14. 14. www.esri.ie @ESRIDublin #ESRIevents #ESRIpublications@ESRIDublin #ESRIevents #ESRIpublications www.esri.ie14 21 June 2018 Deviation from fundamental prices (%) Source: Author’s Analysis -40 -30 -20 -10 0 10 20 30 40 50 60 2000Q1 2001Q3 2003Q1 2004Q3 2006Q1 2007Q3 2009Q1 2010Q3 2012Q1 2013Q3 2015Q1 2016Q3 2018Q1 Model 1 Model 2 Model 3
  15. 15. www.esri.ie @ESRIDublin #ESRIevents #ESRIpublications21 June 201815 • Error-correction model: • Examine future price movements • Forecasting from 2018 to 2020 • Values for capital stock, population levels, disposable income (QEC), • Interest rates (two scenarios); constant & gradually increasing rate Future scenario
  16. 16. www.esri.ie @ESRIDublin #ESRIevents #ESRIpublications@ESRIDublin #ESRIevents #ESRIpublications www.esri.ie16 21 June 2018 Future interest rate scenarios (%) Source: Author’s Analysis 2.50 3.00 3.50 4.00 4.50 5.00 5.50 6.00 2000Q1 2002Q1 2004Q1 2006Q1 2008Q1 2010Q1 2012Q1 2014Q1 2016Q1 2018Q1 2020Q1 Scenario 1 Scenario 2
  17. 17. www.esri.ie @ESRIDublin #ESRIevents #ESRIpublications@ESRIDublin #ESRIevents #ESRIpublications www.esri.ie17 21 June 2018 Historical and future house price levels (index) Source: Author’s Analysis 50.0 60.0 70.0 80.0 90.0 100.0 110.0 120.0 130.0 140.0 2000Q1 2002Q1 2004Q1 2006Q1 2008Q1 2010Q1 2012Q1 2014Q1 2016Q1 2018Q1 2020Q1 Scenario 1 Scenario 2
  18. 18. www.esri.ie @ESRIDublin #ESRIevents #ESRIpublications21 June 201818 • Prices fall due to • Collapse of a bubble - No sign of one yet • Significant deterioration in “fundamentals” - Increase in mortgage rates? - Sudden decline in income levels? - Sharp rise in unemployment • Most unlikely Could house prices fall in short-run?
  19. 19. www.esri.ie @ESRIDublin #ESRIevents #ESRIpublications21 June 201819 • If prices are in equilibrium • Should move in line with fundamentals? • Across countries: - Income elasticity of house prices ≈ 1.5 – 2.0 % • Most commentators: - Forecast income growth of 3.5 to 4 % • Suggests house price increases of 6.5%? Back of the envelope assessment
  20. 20. www.esri.ie @ESRIDublin #ESRIevents #ESRIpublications21 June 201820 Where are recent price increases coming from? -30 -20 -10 0 10 20 30 2011 2012 2013 2014 2015 2016 2017 Quintile 1 Quintile 2 Quintile 3 Quintile 4 Quintile 5 Figure: Annual Growth (%) in average purchased property prices per quintile Source: Property Price Register
  21. 21. www.esri.ie @ESRIDublin #ESRIevents #ESRIpublications@ESRIDublin #ESRIevents #ESRIpublications www.esri.ie21 21 June 2018 Housing demand now: • Price increases • More significant at the lower end of the distribution (prices) • Affordability challenges now more pressing • For the lower end of the income distribution? • Macro prudential regulations • Limiting demand at the high end of the price distribution? • If so • Similar to other markets – London for example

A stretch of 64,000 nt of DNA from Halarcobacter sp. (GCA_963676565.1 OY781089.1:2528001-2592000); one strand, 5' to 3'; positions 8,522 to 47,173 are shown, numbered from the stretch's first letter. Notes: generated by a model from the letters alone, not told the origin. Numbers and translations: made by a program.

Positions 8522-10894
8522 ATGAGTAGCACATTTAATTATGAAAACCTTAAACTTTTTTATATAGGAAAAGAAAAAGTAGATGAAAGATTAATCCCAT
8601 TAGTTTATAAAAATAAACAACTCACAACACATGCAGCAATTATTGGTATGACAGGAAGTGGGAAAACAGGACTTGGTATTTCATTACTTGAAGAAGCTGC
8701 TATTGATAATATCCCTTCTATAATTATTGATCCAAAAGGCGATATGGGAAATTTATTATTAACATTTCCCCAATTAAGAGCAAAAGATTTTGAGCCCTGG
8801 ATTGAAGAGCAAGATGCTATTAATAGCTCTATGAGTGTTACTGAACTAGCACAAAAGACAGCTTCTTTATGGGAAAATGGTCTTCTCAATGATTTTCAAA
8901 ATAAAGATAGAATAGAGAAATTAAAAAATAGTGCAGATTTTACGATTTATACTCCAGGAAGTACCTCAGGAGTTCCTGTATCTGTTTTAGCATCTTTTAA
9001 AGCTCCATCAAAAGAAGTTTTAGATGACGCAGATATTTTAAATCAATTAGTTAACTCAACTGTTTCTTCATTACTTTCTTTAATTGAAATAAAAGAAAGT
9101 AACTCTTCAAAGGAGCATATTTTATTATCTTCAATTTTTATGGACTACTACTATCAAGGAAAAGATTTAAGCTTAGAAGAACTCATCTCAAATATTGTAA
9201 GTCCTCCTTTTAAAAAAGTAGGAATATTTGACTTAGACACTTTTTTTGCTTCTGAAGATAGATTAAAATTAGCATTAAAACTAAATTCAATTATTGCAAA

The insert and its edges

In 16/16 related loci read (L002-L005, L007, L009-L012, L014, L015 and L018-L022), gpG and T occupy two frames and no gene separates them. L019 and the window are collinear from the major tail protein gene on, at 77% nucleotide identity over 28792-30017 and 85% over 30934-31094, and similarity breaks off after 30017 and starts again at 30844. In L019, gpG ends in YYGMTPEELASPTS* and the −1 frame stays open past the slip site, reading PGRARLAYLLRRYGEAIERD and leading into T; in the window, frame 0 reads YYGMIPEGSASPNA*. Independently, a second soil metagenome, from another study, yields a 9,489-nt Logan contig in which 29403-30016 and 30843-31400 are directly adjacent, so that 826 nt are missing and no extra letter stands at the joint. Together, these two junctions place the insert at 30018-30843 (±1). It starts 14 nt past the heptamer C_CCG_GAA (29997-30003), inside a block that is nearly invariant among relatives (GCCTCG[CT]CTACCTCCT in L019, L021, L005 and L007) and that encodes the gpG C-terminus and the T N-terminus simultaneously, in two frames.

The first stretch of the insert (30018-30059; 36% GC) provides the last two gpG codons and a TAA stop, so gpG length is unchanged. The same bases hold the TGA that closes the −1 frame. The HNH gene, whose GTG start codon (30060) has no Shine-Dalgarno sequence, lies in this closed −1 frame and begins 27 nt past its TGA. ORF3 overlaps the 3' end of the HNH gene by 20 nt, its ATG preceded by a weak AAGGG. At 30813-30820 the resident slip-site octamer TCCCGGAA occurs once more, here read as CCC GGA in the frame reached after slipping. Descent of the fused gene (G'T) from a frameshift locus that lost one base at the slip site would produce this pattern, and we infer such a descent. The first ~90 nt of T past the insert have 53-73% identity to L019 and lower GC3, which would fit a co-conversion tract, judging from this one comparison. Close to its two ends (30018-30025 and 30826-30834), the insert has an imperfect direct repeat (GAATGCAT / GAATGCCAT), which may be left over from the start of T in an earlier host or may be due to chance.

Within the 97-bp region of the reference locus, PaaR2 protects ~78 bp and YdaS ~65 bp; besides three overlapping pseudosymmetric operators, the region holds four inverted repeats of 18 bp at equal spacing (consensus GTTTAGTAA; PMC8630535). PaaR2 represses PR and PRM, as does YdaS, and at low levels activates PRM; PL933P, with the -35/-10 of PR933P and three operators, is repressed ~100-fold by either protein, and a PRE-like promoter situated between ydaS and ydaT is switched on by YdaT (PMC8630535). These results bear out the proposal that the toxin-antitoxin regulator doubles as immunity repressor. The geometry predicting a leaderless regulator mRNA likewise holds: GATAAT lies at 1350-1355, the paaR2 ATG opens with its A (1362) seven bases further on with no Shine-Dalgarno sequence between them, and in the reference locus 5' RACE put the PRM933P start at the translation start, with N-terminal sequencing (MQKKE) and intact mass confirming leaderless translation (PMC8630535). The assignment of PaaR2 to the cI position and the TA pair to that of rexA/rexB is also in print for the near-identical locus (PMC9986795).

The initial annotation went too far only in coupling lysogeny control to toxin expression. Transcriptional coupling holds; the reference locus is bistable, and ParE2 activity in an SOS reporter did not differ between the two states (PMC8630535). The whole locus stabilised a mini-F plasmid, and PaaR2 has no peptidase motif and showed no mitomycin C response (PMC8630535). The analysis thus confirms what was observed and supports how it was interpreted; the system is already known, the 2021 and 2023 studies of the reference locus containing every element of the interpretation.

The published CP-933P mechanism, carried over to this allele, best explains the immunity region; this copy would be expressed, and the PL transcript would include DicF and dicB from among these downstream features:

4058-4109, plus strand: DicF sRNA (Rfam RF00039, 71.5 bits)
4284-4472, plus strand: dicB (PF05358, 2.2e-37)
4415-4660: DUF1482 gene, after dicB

22. 22. www.esri.ie @ESRIDublin #ESRIevents #ESRIpublications@ESRIDublin #ESRIevents #ESRIpublications www.esri.ie22 21 June 2018 How elastic are prices w.r.t. supply? • Forecast assumes: • Sensitivity: • Keep supply fixed at 18,500 units per annum • House prices only 0.5 per cent higher than baseline • Point to note: • Estimates generated during Celtic Tiger era Year Supply 2018 23,400 2019 29,700 2020 36,700
  23. 23. www.esri.ie @ESRIDublin #ESRIevents #ESRIpublications@ESRIDublin #ESRIevents #ESRIpublications www.esri.ie23 21 June 2018 The role of credit: • Models assumes a steady-state relationship wherein credit conditions do not change • Any changes in mortgage credit availability would have a strong influence on future house prices • Models can be augmented to include an indicator for mortgage credit supply (Duca et al. 2014) • 1.0 per cent increase in credit supply estimated to contribute towards a 0.4 per cent increase in prices
  24. 24. www.esri.ie @ESRIDublin #ESRIevents #ESRIpublications@ESRIDublin #ESRIevents #ESRIpublications www.esri.ie24 21 June 2018 Influence of Credit Provision • This responsiveness to credit provision should vary over time as credit conditions change • McQuinn (2017) provides an alternative indicator of mortgage credit provision, producing a time-varying estimate • Enables the observation of responsiveness of house prices to changing credit conditions under an Irish context
  25. 25. www.esri.ie @ESRIDublin #ESRIevents #ESRIpublications@ESRIDublin #ESRIevents #ESRIpublications www.esri.ie25 21 June 2018 Influence of Credit Provision Credit Elasticity of House Prices Source: Author’s Analysis
  26. 26. www.esri.ie @ESRIDublin #ESRIevents #ESRIpublications21 June 201826 • House price levels converging to fundamental value • High growth due to • Past overcorrection in prices & • Recent improvements in economic variables • Given the likely strong increase in housing demand • Economic growth, labour market and demographics • Policy should avoid further stimulating demand Specific conclusions
  27. 27. www.esri.ie @ESRIDublin #ESRIevents #ESRIpublications21 June 201827 • Irish market characterised by significant volatility • Since 1995: • Significant fluctuations in prices and supply • Gives rise to speculative behaviour • Which, in turn accentuates the cycle • Policy needs to smooth the cycle • Land market management • Macroprudential policy (credit) • Tax treatment General conclusions